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Macbeth realizes the crime he is about to enter and is fully aware of his punishments in the future.
Before Duncan's murder, Macbeth questions and second-guesses his ambitious tendencies and actions.
"We will proceed no further in this business/He hath honoured me of late, and I have brought/golden opinions from all sorts of people" (Act 1, Scene 7, 31 - 33). After performing the evil deeds Macbeth was responsible for, Macbeth was not happy with what he has accomplished, "I am afraid to think what I have done/look on 't again I dare not" (Act 2, Scene 2, 55 - 56).
Throughout the centuries, human beings have always had the need to achieve some things in life such as love, wealth, power, or authority. In The Tragedy of Macbeth, Macbeth was a brave soldier of Scotland and was very loyal to King Duncan.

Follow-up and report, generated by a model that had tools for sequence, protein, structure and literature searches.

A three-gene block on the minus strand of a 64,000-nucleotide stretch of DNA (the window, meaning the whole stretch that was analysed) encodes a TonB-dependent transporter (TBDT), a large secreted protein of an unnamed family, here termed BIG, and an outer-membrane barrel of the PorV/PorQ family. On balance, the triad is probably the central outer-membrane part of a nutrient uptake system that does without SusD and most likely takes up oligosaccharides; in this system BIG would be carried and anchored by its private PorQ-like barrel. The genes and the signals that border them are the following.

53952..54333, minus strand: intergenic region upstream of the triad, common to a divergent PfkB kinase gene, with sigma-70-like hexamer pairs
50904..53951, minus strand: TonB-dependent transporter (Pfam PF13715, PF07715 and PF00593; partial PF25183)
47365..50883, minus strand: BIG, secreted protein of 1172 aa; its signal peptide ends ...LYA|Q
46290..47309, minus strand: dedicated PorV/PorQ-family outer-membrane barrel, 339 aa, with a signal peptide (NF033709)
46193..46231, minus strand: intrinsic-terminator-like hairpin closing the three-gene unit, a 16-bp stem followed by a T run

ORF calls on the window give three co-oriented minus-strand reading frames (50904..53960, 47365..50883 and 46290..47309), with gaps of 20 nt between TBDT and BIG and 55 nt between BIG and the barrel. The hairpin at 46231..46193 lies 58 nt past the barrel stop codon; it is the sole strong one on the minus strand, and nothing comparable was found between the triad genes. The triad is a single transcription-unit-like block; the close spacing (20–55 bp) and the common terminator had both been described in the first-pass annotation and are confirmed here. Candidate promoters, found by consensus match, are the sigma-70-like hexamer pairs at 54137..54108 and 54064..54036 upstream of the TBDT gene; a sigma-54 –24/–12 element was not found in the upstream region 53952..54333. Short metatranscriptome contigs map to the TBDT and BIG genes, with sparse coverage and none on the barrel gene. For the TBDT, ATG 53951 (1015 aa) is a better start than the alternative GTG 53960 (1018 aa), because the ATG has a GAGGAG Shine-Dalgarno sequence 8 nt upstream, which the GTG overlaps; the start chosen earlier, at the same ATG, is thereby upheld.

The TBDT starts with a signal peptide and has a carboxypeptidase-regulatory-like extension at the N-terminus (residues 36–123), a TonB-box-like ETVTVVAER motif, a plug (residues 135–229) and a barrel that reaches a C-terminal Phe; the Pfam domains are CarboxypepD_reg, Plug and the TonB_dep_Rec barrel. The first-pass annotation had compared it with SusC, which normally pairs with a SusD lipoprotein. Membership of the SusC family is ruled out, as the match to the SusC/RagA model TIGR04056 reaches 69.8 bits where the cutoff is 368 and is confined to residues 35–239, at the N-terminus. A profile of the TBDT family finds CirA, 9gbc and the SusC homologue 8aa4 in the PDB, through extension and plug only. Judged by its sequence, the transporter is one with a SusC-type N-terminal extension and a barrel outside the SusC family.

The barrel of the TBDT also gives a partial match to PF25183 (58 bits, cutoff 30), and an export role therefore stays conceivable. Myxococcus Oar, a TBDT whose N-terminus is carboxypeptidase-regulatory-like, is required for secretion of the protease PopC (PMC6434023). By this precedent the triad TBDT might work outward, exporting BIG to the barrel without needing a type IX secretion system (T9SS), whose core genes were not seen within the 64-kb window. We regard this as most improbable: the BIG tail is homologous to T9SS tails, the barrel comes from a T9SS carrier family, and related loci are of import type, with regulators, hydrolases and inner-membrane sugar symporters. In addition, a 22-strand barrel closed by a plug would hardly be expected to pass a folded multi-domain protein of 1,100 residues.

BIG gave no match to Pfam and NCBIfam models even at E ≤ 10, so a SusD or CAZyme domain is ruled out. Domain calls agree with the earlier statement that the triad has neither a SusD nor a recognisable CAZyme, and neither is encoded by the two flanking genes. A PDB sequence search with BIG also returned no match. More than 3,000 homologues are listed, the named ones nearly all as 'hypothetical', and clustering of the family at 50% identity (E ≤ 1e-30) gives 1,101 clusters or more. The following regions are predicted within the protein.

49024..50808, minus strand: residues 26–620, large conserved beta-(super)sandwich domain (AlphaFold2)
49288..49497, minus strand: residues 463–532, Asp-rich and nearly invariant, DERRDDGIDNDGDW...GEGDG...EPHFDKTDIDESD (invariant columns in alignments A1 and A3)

As he returned from a battle with his friend Banquo, three witches hailed him as Thane of Glamis, Thane of Cawdor and in the end, King of Scotland.
It is apparent to all, even to himself, that Macbeth is ambitious, as most people who succeed are.
In fact, ambition is often an important quality in a good leader.
Many scandals, both historic and current, can be linked to greed, ambition, and abuse of power.
Typically, the key figures are motivated by, and are inevitably destroyed by, ambition.
King Duncan acknowledged Macbeth's bravery by naming him the new Thane of Cawdor, "What he hath lost, noble Macbeth hath won," (Act 1, Scene 2, 67).
One would think that such an accomplishment as Thane of Cawdor would satisfy Macbeth's ambition. He kills Duncan in his ambitious quest to gain even more power and later is consumed by paranoia and guilt.